Bruno – Review

Just like Borat, except not funny

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Director: Larry Charles
Notable Cast:
Sasha Baron Cohen, Gustaf Hammarsten

Sasha Baron Cohen is one of the more talented comic actors working and the three characters that propelled him to fame have all garnered their own films. Ali G In Da House was a nice sendoff to a character well past his shelf life, Borat was a shocking hit that made Cohen a star and Bruno is a god-awful film. There’s no way around it, unfortunately, as the film is proof that Cohen is significantly more talented then his past and should be moving in a new direction.

The film has an interesting premise: Bruno (Cohen) is a fashion journalist and host of Funkyzeit, an Austrian show about the world of fashion. He is noted in the field and has considerable clout until an accident involving a suit made entirely of Velcro puts him on the fashion blacklist. Journeying to America to become famous, Bruno finds that becoming a major celebrity is harder than it looks and fails his way to epic hilarity. Or at least that’s the premise; the result is much less funny and surprisingly much more analytical about the nature of celebrity than it probably was designed for.

Bruno offers an incredible insight about the nature of celebrity and becoming famous in America, if only on accident. Bruno’s whole quest for fame, including some amusing notes from a focus group on his attempt at a celebrity television show, revolves around the rampant stupidity that oftentimes generates some level of fame. From sex tapes to endorsement of causes, Bruno is unintentionally a scathing indictment of the nature of celebrity. Bruno’s dealings with a P.R firm stand out in particular. It’s fascinating to see Bruno’s farcical, probing attempts at a reaction in regards to adapting a celebrity cause be treated with such seriousness. Bruno’s attempted seduction of former Presidential candidate Ron Paul under the guise of a celebrity sex tape is amusing and insightful as well. But this is where the film squanders any sort of insight it could provide with oodles of bad comedy mainly because it finds an endless fascination with showing that Bruno is gay.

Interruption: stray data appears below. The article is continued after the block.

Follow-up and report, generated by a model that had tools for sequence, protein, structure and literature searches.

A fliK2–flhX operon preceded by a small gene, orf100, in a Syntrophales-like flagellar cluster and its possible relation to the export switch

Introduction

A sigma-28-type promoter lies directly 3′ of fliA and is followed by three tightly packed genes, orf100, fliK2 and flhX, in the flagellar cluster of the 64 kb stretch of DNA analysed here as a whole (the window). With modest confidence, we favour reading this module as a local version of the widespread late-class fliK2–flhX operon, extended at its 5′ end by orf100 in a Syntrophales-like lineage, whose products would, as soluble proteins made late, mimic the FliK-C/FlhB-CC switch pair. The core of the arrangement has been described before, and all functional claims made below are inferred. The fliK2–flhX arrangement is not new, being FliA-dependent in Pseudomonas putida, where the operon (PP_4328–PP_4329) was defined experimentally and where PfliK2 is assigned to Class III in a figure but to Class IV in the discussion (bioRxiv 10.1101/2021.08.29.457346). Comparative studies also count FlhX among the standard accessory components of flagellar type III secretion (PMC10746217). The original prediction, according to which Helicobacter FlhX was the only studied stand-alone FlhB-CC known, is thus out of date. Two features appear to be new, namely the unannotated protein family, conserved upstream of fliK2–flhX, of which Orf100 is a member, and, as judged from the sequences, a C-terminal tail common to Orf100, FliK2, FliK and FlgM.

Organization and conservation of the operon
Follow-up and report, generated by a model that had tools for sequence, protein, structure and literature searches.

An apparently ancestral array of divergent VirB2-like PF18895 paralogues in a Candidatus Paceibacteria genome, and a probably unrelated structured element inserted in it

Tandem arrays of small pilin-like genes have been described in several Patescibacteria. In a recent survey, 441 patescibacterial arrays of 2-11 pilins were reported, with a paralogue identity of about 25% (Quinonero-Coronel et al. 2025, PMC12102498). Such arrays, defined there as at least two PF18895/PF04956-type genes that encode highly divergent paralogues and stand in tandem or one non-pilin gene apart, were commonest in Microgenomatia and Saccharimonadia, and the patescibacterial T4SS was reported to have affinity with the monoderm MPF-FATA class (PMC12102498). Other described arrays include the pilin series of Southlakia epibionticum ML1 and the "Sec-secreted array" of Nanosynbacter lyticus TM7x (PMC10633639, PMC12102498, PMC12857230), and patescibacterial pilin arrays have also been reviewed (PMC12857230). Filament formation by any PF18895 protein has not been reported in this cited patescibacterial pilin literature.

Despite all this insight, the film has one card it plays well after the joke has worn thin. Bruno is a homosexual and flamboyant to an excessive degree. And in the beginning Larry Charles and Cohen want to really hammer home that point, but they never take the foot off the gas pedal in terms of handling it. Even the most ardent backer of the homosexual community will eventually want them to stop. Bruno is a character defined by his sexuality, admittedly, but the film takes such great things to continually establish himself as a homosexual that it takes away from establishing any sort of comedic bona fides. Larry Charles seems to think by just going “Bruno is gay” that we ought to laugh. It opens the doors for so many more gags that are left off Cohen’s comedic table.

Bruno came in with enough buzz to give Sasha Baron Cohen another major hit with a character that helped earn him notoriety. At this point he should be exploring other characters, as even what amounts to a slightly extended cameo role in Sweeney Todd was impressive enough that he should be going for more. And the film shows it as well.


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